Who has a baby shower at a bar?

Mabel would be two weeks today.  I woke up at 5:30am with a stomach ache, which calmed down and I thought to myself as I lay awake for a bit afterwards, I can be awake for 6:25- this is good.  I feel back to sleep a little after six.  I was sad that I missed the time, but I think my mind was still thinking about it.  I dreamt of Mabel.  She was a day or two old and I held her in my arms.  She was the baby I held after she had died- quiet, motionless, eyes closed, wrapped in her white blanket wearing her pink hat.  But she was warm and alive.  As I held her she let out a small cry, opened her eyes and began to nurse.  The dream was quick and lasted only a few seconds but spotlighted all that I want right now.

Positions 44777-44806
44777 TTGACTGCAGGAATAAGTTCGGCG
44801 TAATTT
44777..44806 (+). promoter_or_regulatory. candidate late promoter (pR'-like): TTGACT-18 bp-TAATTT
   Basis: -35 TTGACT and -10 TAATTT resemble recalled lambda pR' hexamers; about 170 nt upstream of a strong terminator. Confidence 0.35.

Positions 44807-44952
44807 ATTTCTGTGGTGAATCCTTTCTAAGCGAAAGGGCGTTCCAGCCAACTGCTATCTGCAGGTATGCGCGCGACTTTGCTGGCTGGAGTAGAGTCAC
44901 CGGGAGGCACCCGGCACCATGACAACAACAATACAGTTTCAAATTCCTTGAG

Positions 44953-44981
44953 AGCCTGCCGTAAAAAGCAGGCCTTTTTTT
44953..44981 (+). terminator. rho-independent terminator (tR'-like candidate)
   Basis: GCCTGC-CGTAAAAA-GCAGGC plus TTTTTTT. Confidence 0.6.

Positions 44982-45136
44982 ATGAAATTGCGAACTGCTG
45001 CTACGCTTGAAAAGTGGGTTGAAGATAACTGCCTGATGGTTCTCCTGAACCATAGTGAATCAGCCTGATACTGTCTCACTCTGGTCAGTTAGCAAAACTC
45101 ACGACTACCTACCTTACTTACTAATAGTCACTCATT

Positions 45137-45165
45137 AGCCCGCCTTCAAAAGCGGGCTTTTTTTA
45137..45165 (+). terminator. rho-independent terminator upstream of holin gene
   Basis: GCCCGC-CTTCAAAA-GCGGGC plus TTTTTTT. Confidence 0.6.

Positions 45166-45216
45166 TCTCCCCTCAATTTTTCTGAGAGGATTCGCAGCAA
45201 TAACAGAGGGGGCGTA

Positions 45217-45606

On this day, Mabel’s two-week anniversary, rather than wondering “is my baby getting enough milk?” or “When will she be discharged from the NICU?”  I am  struggling with other questions.

How do I say it?

I had a baby and my baby died.  My baby passed. (Passed what?)  I lost my baby. (Where did she go?)  I had a baby and she lived for six hours. (and then what happened?)  Her birthday was also her death day.  So what do I say- the day Mabel was born? The day Mabel died? The day Mabel came? The day we met Mabel? Mabel’s day? The day Mabel was?  Was it the best day of my life or the worst day?

Where do I belong?